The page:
Teacher Josh Nichols is corralling a group of fifth-grade students into a classroom where there are PVC pipe, five-gallon buckets and ropes piled on tables, all arranged around two large cow troughs full of water. It's a makeshift laboratory, where the kids from this Stockbridge, Michigan elementary school make robots that function underwater.
The students are getting their remotely operated underwater vehicles, or ROVs, ready for a Saturday trip to Albion, Michigan, a town about 35 miles away. "The ROVs will travel in the buckets," Nichols reminds them. "We need every piece."
Nichols has been planning what some of the kids call a "geekend," for several months. He and Albion teacher Jason Raddatz met and connected over the ways they try to provide high-quality STEM (science, technology, education and math) education on a shoestring budget.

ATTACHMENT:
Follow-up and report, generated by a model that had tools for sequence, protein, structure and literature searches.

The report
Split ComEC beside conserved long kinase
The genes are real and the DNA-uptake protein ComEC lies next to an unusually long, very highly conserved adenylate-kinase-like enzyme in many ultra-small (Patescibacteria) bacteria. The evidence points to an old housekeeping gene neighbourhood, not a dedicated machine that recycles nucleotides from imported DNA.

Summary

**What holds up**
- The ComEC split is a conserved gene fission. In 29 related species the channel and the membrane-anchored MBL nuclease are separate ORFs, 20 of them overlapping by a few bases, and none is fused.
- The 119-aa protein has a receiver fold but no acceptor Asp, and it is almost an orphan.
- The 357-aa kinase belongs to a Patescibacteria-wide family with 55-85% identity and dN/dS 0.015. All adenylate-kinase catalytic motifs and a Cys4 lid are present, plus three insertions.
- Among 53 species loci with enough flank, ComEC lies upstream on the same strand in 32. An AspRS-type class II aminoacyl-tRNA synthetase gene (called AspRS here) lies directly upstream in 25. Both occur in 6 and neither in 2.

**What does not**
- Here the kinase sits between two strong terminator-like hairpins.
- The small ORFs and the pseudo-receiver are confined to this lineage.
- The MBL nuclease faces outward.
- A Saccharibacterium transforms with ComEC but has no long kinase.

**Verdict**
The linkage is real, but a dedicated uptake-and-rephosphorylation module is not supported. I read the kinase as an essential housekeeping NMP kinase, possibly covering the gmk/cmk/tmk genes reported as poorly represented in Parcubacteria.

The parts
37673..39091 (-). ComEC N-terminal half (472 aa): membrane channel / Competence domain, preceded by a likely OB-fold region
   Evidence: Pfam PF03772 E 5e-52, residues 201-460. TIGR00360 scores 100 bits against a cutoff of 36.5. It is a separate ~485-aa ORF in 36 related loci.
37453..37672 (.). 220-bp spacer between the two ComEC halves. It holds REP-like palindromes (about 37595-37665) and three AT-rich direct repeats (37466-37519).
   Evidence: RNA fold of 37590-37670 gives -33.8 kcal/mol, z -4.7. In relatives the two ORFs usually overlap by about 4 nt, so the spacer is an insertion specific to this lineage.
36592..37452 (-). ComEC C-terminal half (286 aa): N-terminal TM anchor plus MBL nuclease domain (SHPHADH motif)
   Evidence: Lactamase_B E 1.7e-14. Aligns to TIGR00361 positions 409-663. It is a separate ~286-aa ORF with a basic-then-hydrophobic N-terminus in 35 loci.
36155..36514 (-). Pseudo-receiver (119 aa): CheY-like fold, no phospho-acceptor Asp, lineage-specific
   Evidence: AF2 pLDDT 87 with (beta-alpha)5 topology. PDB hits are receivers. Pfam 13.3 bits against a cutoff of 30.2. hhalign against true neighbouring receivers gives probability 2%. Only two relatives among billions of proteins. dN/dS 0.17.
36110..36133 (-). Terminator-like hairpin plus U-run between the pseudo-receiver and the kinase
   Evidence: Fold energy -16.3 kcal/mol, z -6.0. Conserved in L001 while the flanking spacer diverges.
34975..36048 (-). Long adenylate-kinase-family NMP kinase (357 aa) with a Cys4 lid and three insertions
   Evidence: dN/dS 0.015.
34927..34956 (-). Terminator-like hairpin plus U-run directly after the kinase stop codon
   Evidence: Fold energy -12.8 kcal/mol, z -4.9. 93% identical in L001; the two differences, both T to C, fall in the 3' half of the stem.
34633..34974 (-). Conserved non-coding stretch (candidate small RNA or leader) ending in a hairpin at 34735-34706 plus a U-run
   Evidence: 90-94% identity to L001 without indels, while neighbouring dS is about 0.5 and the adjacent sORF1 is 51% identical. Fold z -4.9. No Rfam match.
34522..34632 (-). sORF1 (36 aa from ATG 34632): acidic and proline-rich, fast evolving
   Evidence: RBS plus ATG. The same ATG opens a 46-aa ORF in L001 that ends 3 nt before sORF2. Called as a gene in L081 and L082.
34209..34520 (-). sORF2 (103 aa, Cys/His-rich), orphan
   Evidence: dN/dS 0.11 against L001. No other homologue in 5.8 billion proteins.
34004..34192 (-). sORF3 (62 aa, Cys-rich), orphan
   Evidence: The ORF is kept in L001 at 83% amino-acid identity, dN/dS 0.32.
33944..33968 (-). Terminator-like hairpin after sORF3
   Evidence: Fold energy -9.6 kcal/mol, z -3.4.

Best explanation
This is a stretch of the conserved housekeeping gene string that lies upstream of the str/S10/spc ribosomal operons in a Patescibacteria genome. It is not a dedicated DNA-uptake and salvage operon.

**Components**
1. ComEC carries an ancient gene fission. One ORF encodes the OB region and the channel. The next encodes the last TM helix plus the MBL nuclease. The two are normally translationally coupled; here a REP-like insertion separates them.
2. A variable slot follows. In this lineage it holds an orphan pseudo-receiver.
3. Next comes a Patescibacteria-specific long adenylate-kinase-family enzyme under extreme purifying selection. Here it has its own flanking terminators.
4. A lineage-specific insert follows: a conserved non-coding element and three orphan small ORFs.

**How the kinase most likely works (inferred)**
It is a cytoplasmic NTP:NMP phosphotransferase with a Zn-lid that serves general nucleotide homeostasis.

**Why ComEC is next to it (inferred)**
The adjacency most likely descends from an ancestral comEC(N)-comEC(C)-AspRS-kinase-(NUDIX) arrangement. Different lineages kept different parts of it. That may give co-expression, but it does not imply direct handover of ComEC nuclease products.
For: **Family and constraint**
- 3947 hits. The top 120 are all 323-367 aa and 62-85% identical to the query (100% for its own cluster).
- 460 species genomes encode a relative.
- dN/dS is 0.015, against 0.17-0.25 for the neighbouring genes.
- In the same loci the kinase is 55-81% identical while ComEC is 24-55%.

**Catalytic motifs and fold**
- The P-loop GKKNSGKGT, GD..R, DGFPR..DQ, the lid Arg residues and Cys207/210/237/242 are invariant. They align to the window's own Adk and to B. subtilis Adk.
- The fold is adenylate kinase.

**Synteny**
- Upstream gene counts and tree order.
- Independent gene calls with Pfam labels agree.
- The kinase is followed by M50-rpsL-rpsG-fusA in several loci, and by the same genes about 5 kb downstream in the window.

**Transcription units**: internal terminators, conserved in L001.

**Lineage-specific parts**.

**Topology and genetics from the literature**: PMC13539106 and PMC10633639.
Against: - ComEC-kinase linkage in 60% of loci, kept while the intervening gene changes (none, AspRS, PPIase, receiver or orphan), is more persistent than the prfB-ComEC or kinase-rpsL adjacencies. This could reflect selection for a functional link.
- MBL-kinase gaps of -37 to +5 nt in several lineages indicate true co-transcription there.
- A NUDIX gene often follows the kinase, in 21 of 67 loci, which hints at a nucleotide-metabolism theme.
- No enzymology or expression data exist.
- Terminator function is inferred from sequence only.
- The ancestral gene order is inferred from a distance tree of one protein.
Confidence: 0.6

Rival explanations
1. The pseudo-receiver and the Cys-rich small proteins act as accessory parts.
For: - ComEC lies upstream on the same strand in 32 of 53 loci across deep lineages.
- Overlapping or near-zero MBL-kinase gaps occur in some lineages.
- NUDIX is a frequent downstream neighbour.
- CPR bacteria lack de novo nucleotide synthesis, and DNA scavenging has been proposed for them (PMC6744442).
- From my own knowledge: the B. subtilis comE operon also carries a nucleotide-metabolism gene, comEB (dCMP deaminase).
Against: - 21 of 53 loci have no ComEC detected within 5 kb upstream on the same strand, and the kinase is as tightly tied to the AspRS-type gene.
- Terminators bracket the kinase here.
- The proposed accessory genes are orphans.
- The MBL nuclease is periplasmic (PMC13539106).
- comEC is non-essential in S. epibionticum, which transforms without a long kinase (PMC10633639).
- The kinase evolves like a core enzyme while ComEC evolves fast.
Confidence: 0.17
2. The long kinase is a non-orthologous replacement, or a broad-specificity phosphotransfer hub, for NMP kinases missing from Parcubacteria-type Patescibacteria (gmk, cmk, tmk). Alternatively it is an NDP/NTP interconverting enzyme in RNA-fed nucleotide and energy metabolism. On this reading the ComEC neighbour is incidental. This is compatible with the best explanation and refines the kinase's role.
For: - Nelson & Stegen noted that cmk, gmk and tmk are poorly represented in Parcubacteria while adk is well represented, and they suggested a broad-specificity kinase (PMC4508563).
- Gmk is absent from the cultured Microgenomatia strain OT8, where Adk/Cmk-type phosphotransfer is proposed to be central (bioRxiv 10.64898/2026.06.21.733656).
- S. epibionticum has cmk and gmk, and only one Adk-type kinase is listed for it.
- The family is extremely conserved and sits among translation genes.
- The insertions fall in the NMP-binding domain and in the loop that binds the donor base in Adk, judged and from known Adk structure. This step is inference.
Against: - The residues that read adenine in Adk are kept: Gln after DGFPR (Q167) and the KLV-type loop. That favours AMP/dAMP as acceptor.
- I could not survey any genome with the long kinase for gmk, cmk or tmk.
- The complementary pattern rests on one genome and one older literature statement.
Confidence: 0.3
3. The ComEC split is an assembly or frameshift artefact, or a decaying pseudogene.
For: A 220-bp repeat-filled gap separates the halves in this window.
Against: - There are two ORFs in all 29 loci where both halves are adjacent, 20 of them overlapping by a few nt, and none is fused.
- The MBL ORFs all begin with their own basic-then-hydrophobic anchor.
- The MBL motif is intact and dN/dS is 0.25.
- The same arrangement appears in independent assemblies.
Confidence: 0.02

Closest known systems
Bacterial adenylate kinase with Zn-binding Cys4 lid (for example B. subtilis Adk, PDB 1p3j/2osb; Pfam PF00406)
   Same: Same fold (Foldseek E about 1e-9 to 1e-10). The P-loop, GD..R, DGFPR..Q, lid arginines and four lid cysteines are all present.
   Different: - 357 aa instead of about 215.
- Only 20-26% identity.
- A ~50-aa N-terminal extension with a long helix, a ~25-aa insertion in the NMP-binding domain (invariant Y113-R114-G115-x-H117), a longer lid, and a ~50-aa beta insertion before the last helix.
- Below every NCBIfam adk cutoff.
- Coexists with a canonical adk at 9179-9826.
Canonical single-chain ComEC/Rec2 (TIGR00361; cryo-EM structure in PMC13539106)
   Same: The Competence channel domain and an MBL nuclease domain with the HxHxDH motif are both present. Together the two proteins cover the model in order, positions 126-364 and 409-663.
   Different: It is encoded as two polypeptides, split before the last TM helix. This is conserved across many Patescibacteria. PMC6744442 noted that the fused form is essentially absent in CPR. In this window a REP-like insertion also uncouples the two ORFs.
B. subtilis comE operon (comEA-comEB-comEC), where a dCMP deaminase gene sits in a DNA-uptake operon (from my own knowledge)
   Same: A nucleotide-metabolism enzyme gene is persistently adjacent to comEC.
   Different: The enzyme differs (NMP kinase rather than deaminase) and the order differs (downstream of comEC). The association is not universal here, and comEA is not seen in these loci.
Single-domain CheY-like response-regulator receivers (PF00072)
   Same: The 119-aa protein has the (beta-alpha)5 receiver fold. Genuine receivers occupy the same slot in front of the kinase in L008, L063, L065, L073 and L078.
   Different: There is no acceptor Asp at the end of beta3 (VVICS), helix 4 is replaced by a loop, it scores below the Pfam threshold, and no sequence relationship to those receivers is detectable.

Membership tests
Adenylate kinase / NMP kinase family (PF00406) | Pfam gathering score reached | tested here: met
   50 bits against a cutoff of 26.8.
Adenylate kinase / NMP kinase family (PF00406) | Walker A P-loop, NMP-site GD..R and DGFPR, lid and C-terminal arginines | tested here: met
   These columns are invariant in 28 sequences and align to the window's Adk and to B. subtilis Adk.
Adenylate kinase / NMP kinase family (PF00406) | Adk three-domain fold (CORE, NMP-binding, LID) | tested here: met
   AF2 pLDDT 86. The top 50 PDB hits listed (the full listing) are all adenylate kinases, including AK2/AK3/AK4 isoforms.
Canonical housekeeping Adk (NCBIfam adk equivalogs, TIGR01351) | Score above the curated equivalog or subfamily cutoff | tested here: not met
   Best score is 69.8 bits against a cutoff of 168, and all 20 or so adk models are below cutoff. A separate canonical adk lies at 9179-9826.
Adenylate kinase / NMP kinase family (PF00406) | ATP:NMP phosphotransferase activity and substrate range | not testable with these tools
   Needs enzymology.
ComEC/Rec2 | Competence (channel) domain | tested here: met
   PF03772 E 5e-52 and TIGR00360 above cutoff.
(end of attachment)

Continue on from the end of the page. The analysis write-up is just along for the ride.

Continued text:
They also want to combat the geographic, and in many ways demographic, isolation of the two rural mid-Michigan schools.
"A student could stay in a school system like this, and if they aren't involved in sports, they could go for six, eight, nine years without really leaving the town and having interaction with other students from other schools," Nichols explains.